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Life and times of Key Biscayne florida
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opinion

July 10th, 2014

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 friend visited me shortly after I’d arrived back ay my northern home. Since he knows I write for The Islander News, one of the first things he asked was, “What have you been writing about?”
“I’m writing about the dog park controversy,” I replied.
“What kind of dog park controversy?” he wondered. “Why would a dog park be important enough for you to write about? Why would a dog park be controversial?”
Clearly, this man never has owned a dog. And certainly, he hasn’t been on Key Biscayne recently or ever. Since he and I last discussed the dog park issue, hundreds of residents have signed a petition to reverse the Village Council’s approval of a dog park within the confines of a planned people park at 530 Crandon. They hope to make this a referendum at the next election. Wait until I tell my friend about that!
My friend’s astonishment at a dog park becoming a major community issue made me think about why dogs have become so important in Key Biscayne as well as in other communities. As I read newspapers and magazines and watch TV, I realize dogs are, in many ways, replacing children. For example, there still are cute little kids doing TV commercials, but there are an increasing number of adorable dogs performing tricks, happily lapping up bowls of dog food and generally just looking fetching. Are there modeling agencies for dogs? Do people assemble portfolios for agents in the hope their dog will be chosen for stardom? Is the money earned by these photogenic dogs being invested for their future good and welfare?
According to the U.S.­­ Pet Ownership and Demographic Sourcebook, in 2012, 43,346,000 U.S. households owned dogs, and 40 percent of those households owned more than one dog. Have you ever stepped inside a PetSmart store? More than 1,300 of these big box stores in the United States, Canada and Puerto Rico sell dog toys, dog medicines and dog food. In my neighborhood, PetSmart sports a Doggie Daycare Center where people drop off their dogs to socialize with fellow canines. Services also include pet grooming, obedience training and boarding; veterinary services are included in 810 PetSmart stores. While also catering to owners of cats, birds and assorted reptiles, the stores carry far more goodies designed to attract dog lovers and their faithful companions, many of whom shop at PetSmart right along with their owners. PetSmart’s estimated 2014 revenues are expected to exceed $1.7 billion.
I‘ve heard of a group which advocates that pets shouldn’t be “owned” and that certain civil rights should be accorded to them. I’ve noticed TV commercials for prescription medications for dogs. People are buying health insurance for their dogs. The Petplan Pet Insurance site reveals: “Pet parents [!!!] will spend $12.2 million on veterinary care this year.”
In the June 29 issue of the Chicago Tribune Sunday Magazine, there are three separate items directed to dog owners. Item No. 1 is headlined “Dog’s Day Out.” It reads “Mercury Canine Cruise welcomes well-behaved and leashed dogs and their owners for a scenic outing on the water. The cruise is 90 minutes and includes water bowls and a newspaper-lined restroom.” (No, I didn’t make this up!)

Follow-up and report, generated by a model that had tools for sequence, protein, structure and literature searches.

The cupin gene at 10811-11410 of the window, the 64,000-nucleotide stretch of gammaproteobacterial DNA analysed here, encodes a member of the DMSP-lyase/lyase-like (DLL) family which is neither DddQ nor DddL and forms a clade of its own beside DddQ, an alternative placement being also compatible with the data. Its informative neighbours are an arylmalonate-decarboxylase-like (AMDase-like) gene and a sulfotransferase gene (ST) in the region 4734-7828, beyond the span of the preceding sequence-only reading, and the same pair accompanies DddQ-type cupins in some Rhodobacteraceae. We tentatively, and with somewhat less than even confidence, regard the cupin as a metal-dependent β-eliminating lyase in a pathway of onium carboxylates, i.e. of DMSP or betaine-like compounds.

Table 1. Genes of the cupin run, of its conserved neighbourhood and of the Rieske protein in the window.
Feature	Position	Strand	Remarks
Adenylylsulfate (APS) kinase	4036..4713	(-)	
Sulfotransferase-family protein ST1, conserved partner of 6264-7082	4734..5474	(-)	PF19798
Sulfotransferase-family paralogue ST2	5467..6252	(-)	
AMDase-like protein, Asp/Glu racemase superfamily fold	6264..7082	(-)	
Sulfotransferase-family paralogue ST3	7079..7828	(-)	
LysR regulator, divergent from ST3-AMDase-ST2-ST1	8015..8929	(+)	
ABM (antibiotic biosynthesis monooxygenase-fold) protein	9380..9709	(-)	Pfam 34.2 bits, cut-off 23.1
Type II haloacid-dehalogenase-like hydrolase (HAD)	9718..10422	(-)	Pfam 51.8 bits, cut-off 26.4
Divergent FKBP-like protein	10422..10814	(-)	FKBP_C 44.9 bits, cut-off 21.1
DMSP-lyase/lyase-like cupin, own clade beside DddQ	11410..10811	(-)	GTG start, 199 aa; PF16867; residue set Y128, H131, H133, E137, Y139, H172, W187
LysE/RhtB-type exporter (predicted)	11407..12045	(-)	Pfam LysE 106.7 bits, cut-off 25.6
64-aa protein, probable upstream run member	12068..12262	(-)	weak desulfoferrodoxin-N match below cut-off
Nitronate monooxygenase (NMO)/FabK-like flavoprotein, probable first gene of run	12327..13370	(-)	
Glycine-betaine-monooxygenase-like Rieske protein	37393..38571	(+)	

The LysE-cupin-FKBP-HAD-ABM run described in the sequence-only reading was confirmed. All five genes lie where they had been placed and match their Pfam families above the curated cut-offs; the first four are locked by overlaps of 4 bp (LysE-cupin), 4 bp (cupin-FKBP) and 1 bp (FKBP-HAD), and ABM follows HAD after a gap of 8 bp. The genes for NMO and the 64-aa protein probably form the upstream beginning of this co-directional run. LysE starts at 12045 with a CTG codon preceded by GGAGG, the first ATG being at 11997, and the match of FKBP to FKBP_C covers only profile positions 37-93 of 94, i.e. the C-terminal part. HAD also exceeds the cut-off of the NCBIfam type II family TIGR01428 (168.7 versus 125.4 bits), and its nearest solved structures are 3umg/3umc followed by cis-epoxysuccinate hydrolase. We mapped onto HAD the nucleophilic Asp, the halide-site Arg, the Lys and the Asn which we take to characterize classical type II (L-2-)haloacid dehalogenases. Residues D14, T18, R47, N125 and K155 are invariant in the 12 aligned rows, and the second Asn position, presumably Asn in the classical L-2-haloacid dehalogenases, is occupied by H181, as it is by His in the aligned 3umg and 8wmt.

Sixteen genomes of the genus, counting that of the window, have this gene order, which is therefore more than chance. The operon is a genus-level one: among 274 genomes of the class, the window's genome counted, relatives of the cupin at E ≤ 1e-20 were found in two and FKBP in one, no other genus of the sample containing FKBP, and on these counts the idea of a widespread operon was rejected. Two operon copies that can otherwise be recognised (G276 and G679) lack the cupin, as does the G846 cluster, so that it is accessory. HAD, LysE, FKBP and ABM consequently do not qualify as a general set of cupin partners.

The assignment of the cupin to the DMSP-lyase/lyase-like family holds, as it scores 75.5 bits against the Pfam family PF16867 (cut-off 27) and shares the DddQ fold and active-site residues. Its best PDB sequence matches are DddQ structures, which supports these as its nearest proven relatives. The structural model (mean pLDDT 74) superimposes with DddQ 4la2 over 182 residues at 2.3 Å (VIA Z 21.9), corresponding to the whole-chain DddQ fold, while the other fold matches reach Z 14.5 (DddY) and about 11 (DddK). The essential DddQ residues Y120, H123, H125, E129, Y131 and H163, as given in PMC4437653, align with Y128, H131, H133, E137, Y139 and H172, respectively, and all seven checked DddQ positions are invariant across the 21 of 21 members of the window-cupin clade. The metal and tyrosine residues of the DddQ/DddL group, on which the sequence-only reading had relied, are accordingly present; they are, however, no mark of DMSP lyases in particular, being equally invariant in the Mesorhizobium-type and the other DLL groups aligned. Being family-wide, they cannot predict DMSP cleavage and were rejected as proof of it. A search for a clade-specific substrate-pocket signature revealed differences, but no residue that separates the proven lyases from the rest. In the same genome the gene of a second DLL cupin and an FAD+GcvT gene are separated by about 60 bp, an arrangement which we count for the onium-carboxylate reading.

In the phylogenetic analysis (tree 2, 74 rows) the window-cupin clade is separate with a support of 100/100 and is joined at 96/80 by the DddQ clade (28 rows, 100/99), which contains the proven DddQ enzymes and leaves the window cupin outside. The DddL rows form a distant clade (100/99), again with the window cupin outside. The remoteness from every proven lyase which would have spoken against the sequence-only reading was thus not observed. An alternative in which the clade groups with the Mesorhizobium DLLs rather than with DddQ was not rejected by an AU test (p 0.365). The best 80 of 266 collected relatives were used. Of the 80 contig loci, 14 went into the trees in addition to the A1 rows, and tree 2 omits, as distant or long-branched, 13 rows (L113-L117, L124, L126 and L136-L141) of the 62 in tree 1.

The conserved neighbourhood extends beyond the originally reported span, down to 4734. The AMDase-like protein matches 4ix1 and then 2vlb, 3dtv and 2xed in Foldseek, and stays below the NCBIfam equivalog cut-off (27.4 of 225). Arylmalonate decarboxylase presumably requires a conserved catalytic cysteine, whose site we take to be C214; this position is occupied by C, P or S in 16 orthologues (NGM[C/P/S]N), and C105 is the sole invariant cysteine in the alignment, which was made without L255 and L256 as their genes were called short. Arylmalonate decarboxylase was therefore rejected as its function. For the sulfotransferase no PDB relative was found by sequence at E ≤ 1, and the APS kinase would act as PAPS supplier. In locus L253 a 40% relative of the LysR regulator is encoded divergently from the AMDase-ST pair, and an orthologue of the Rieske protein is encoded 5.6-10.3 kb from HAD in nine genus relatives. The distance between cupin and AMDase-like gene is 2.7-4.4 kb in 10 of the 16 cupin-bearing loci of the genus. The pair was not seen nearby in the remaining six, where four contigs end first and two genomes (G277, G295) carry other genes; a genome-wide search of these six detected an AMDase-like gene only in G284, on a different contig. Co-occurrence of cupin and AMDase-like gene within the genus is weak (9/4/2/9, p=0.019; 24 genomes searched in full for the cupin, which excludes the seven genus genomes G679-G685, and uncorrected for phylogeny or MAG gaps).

Item No. 2 is headlined “Fireworks and Pets: Not a Reason to Celebrate.” Warning against the dire effect 4th of July fireworks may have on Fido, we’re advised: “To minimize a pet’s anxiety, consider asking your veterinarian for a tranquilizer.” And we should create a “cool quiet spot away from the noise,” perhaps with music and a favorite toy for Fido. “Calming wraps for pets…may also help.” (I didn’t make this up either.)
In Item No. 3, a reader asks an advice columnist what a dog is doing in the cosmetics section of a Chicago Nordstrom store. The columnist then asks a Nordstrom spokeswoman to explain the dogs-in-stores policy. The spokesperson’s partial response “… if a dog were to become aggressive or disruptive, threaten customers or cause a mess, we’d ask the owner to take the dog outside. For sanitary reasons, we also ask that customers not allow their dogs on counters or chairs.” Sounds reasonable to me.
I’m sure there’ll shortly be a movement to allow dogs to sit on airplane seats rather than being confined in a crate on the floor underneath their owners’ feet. Having paid more than $200 each way to cram my late poodle, Sabaka, into a crate under my seat, I’m all for that. Some dog owners have kept their dogs from being confined on planes by fraudulently claiming they (the owners) are disabled; their dogs then can be declared service dogs and thus are allowed to stand in the aisles or in front of airplane seats. I understand there’s a website that provides phony disability certificates for that purpose. On my most recent flight from Miami to Chicago, an enormous German shepherd was standing in the First Class section. When the plane landed, that dog’s owner was the first one off the plane, going at quite a brisk pace. I wonder if that pet parent got her service dog disability certificate online.
The latest government statistics shows only 20 percent of American households made up of married couples contained children under 18. Since dogs doubtless are taking the place of children in many households, I’m not surprised a dog park in the center of Key Biscayne has become such a hotly debated issue. Tell your son or daughter to forget about becoming a doctor or a lawyer: advise him or her to become a veterinarian instead.

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